Migration

Joakim Ruist, 28 January 2016

The current inflow of refugees into Europe has left policymakers in disagreement over how to react. A major concern is the perceived financial burden that can result from large intakes. This column discusses the fiscal impact of refugees on the Swedish economy. The current net redistribution from the non-refugee population to refugees (excluding arrivals in 2015) is estimated to be 1.35% of GDP. The economic burden of a generous refugee policy is therefore not particularly heavy, especially if the host country incorporates them as quickly as possible into the labour market.

Laurent Gobillon, Matthieu Solignac, 21 January 2016

Assimilation of migrants can be measured in various ways, one such measure being their access to the homeownership market. This column argues that the evolution of homeownership rates of immigrants is a complex process, with important selection effects. In France, the homeownership rate among northern African immigrants lags behind not only that of natives, but also southern European immigrants. A possible reason is discrimination against northern African immigrants not only on the labour market, but also on the credit and housing markets.

Simone Bertoli, Vianney Dequiedt, Yves Zenou, 18 December 2015

The recent inflows of refugees and migrants to Europe have raised new questions about how migration policies should be designed. Migrant-recipient countries are concerned not just with the number of migrants arriving, but also with their ‘quality’. This column argues that policies that screen migrants based on observable characteristics can have a detrimental effect on the quality of migrants (measured by their income). Such policies might thus fail to improve immigrants’ labour market outcomes at their destination.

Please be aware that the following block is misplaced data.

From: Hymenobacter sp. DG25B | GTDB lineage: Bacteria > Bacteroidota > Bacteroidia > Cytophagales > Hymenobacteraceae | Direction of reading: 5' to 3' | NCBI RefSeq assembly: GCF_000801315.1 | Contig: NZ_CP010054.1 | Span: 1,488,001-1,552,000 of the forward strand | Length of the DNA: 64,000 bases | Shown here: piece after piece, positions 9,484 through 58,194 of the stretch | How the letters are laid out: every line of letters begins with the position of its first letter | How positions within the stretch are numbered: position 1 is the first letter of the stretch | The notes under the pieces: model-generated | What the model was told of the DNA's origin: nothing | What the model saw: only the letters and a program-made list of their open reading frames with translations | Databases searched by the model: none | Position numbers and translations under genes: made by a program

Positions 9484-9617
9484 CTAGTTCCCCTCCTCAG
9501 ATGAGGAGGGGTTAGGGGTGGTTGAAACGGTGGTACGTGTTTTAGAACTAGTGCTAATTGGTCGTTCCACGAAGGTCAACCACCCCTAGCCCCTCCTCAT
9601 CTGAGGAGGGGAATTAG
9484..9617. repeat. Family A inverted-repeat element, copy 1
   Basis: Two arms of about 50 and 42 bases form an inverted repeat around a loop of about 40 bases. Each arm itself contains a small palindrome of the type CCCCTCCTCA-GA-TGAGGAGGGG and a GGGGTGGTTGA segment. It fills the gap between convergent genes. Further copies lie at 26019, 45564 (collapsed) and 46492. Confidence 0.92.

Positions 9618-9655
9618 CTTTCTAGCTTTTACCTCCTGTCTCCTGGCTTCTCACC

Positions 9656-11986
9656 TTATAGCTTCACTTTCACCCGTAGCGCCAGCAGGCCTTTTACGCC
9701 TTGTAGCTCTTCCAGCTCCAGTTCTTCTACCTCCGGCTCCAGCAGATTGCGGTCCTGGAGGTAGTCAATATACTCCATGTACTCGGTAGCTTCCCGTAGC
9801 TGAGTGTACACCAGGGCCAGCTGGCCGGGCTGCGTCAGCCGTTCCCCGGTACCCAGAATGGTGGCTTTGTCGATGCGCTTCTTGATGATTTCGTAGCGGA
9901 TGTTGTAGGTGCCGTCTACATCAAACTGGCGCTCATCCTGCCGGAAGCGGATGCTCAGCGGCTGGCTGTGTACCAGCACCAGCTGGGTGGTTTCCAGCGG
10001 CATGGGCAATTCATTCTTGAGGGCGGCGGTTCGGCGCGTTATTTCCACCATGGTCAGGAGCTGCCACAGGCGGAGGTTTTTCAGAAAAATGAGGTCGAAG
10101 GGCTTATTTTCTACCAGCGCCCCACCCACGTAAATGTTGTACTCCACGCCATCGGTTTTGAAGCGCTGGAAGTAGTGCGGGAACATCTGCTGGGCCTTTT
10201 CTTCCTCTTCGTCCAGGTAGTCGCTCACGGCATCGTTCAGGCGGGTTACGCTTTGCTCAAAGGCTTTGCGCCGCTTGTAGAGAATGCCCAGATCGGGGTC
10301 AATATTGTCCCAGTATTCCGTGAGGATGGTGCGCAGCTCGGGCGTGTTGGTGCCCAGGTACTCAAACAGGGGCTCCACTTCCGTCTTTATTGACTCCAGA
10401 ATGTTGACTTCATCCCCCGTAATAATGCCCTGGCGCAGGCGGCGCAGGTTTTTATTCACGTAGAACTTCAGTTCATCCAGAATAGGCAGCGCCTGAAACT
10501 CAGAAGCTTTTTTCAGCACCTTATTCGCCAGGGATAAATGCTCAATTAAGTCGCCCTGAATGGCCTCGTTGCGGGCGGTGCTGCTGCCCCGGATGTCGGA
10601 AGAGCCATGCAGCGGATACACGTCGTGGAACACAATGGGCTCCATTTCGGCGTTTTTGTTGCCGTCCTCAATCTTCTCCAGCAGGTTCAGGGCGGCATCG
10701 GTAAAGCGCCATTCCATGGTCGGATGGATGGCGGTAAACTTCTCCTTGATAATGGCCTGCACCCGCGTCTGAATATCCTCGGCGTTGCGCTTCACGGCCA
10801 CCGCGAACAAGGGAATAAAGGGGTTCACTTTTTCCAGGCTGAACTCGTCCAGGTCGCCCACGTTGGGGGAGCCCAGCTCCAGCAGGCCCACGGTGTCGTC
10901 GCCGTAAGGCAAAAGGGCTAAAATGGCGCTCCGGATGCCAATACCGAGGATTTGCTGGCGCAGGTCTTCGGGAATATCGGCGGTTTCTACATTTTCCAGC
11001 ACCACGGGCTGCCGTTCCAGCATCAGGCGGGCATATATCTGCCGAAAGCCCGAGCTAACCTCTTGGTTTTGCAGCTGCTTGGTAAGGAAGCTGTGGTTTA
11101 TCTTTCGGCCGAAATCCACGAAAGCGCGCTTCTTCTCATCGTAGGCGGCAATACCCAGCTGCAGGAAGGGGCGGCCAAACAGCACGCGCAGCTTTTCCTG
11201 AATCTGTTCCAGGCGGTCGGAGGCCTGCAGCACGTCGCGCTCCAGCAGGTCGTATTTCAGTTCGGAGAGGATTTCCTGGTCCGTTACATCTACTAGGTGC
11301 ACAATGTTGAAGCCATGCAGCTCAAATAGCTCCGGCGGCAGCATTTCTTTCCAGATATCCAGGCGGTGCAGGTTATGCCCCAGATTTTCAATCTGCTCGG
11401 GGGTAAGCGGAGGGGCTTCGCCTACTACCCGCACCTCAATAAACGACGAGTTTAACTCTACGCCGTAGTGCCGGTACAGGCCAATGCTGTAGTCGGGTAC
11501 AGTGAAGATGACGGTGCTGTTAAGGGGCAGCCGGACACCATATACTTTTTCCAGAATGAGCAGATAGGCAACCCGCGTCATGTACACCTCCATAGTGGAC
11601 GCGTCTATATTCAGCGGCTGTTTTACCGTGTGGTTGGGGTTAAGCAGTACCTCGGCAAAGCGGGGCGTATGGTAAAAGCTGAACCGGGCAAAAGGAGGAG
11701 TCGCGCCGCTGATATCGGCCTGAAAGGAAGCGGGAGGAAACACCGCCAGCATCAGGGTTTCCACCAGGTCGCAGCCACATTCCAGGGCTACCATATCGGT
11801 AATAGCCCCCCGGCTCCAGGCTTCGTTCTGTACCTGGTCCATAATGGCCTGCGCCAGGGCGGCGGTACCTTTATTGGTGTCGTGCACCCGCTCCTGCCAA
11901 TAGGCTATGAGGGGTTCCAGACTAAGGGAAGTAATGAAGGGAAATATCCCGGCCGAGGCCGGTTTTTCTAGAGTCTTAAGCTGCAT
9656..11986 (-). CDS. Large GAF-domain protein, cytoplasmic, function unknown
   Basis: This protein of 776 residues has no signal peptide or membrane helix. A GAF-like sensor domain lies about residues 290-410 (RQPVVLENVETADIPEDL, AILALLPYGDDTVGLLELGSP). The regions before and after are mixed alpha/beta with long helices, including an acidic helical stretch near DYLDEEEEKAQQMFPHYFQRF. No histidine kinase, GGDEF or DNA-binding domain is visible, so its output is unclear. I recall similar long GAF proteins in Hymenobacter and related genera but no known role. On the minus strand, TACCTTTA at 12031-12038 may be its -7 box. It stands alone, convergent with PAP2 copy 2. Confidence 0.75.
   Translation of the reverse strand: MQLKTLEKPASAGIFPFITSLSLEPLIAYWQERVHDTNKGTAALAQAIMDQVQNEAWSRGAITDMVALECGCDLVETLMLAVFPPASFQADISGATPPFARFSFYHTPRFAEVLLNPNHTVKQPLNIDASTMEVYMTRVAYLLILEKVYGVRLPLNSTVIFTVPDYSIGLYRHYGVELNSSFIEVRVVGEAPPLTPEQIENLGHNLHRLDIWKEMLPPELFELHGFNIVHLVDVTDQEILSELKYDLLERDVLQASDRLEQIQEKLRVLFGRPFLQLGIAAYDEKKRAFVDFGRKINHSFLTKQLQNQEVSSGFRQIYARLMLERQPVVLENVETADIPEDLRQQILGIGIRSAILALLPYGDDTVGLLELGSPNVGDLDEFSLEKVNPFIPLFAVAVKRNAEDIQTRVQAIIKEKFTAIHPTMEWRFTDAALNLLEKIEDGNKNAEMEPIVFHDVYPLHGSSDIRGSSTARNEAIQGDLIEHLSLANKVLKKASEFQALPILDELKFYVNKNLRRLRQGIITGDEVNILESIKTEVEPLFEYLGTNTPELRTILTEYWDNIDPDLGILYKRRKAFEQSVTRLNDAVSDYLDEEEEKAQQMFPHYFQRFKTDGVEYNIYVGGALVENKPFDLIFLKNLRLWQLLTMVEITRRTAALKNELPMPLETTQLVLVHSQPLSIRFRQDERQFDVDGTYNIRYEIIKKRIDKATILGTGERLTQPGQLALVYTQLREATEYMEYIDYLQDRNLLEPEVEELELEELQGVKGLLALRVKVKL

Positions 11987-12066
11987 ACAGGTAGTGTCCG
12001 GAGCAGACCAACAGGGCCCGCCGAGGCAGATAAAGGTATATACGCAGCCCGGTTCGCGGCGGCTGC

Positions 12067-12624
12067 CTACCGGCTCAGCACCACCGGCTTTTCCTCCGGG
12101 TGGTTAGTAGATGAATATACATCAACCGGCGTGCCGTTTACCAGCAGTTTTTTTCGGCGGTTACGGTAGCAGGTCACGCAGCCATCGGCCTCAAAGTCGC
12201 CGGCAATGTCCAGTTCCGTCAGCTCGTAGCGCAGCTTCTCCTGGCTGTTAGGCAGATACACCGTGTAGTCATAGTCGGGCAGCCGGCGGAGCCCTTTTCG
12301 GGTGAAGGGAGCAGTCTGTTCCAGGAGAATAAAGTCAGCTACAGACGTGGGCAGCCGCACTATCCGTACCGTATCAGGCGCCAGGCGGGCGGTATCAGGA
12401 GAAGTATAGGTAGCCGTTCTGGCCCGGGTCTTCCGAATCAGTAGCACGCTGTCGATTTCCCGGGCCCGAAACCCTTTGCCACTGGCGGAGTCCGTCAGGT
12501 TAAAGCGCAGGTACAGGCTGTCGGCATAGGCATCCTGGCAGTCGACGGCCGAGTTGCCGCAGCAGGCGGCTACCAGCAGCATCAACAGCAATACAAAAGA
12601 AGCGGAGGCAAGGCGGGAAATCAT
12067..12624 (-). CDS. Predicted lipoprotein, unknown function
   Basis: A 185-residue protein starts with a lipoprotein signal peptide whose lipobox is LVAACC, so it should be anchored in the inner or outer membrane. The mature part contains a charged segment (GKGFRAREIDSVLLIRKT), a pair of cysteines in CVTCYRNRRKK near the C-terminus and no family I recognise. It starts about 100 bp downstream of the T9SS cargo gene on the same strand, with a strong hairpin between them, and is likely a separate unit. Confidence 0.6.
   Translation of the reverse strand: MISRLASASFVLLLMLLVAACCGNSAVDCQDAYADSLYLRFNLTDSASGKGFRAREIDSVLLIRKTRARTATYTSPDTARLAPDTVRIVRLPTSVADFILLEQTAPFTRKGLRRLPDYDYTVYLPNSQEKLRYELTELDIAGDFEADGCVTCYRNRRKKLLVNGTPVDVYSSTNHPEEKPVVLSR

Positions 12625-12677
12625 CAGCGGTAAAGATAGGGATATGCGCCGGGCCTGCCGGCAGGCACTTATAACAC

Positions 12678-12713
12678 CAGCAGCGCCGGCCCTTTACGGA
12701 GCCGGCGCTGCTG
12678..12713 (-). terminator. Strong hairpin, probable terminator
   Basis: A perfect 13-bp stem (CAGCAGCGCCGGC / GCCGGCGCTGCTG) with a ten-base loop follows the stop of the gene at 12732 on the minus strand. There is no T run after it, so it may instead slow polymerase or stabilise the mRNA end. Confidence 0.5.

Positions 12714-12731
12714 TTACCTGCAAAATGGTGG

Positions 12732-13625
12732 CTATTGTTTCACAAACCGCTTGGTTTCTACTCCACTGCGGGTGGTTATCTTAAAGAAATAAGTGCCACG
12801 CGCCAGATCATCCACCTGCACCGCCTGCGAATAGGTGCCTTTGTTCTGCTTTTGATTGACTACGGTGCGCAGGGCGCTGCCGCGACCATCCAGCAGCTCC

Matthew J. Bloomfield, Ulf Brüggemann, Hans B. Christensen, Christian Leuz, 17 December 2015

Labour mobility is an important prerequisite for the efficiency of labour markets. In the EU, however, different standards across countries present an implicit economic barrier for high-skilled professionals. This column examines how the recent EU harmonisation of professional standards in accounting affected cross-border migration relative to other professionals. The harmonisation had a strong positive effect on accountants’ cross-border migration. Harmonisation could thus be a potentially powerful tool for policymakers seeking to improve labour market efficiency.

Scott Ross Baker, Nicholas Bloom, Steven J. Davis, 15 December 2015

The recent influx of refugees to Europe has stoked security fears and created anxiety about the social and economic consequences. This column provides new quantitative indicators for the intensity of migration-related fears and policy uncertainty, based on newspaper articles. The indices are presented for the US, UK, France, and Germany, and extend back to 1995. They show that recent levels of concern and uncertainty in European countries about migration are unprecedented. 

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